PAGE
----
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What You Should Know About Reading Glasses

When you reach the point of not being able to read up close without stretching your arms to the limit, you may need to consider single-vision reading glasses. Reading glasses come in two main styles: full frames, in which the entire lens is made in the reading prescription, and half-eyes, the smaller "Ben Franklin" style glasses that sit lower down on the nose.

Full reading glasses are suitable for people who spend a great deal of time concentrating on material close-up. If you try to look up and across the room through the reading lenses, everything appears blurry.

In contrast, half-eye reading glasses allow you to look down and through the lenses for near work, and up and over them to see in the distance. Generally, people who have never needed glasses in the past will start out with a pair of reading glasses rather than bifocals or no-line progressive lenses, which are usually a better choice if you have a need for distance as well as near correction.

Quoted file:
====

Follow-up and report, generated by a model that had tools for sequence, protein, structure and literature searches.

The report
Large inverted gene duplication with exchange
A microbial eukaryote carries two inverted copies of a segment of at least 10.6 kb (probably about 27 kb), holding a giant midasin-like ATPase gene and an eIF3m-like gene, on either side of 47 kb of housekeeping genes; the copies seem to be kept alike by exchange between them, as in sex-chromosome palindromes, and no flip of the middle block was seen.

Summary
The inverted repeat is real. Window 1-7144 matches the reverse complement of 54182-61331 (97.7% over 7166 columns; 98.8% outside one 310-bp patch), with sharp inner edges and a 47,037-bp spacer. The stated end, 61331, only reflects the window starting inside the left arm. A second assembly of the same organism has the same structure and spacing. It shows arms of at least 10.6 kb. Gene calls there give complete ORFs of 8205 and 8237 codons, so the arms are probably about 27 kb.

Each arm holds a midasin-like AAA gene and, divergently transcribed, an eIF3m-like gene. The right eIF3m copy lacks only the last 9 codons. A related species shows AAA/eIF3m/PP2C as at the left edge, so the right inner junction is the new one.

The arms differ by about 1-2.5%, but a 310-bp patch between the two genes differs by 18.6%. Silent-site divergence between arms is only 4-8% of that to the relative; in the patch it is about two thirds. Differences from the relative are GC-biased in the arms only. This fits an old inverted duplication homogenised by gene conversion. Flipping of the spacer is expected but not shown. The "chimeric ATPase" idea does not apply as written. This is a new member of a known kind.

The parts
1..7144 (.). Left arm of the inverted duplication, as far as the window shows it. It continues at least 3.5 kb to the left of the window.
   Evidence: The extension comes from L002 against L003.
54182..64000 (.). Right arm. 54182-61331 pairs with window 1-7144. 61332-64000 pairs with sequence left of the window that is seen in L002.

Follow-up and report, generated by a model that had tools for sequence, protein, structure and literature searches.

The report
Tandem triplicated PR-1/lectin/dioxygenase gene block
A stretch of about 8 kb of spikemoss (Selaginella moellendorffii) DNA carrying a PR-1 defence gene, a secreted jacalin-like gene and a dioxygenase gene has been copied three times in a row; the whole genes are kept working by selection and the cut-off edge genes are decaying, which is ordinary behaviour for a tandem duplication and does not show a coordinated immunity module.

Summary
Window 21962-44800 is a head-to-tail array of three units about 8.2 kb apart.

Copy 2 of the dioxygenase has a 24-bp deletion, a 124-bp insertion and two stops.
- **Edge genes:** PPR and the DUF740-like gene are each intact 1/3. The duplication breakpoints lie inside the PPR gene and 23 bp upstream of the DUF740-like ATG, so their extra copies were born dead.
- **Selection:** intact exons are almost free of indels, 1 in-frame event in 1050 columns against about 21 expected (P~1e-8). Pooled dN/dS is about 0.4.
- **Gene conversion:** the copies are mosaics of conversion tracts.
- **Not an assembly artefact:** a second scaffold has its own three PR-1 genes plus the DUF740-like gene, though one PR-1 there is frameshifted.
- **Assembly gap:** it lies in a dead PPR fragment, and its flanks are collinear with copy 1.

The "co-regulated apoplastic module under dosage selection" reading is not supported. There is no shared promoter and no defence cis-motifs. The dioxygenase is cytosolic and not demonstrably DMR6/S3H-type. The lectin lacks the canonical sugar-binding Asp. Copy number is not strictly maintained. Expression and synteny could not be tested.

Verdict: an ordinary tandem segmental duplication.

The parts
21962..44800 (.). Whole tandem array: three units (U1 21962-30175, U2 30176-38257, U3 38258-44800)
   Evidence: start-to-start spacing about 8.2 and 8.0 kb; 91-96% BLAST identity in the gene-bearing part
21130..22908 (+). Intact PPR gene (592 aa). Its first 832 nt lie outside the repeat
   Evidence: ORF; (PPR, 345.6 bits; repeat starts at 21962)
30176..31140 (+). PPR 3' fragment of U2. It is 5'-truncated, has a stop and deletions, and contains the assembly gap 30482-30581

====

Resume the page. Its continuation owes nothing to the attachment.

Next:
Also available are tinted reading glasses with UV protection for wearing outdoors in the sun; a popular type is the sunglass bifocal, with a nonprescription upper half for looking far away and a reading prescription in the lower half for close up.

Don't confuse reading glasses with computer eyewear. If you're using reading glasses to try to view your computer screen, it's probably not working very well. For one thing, reading printed matter is done at a closer range than reading text on a computer screen.

Also, if your reading glasses are the type that force you to lean your head back in order to view your monitor, you're placing unnecessary strain on your neck muscles. Computer users really should invest in prescription computer glasses.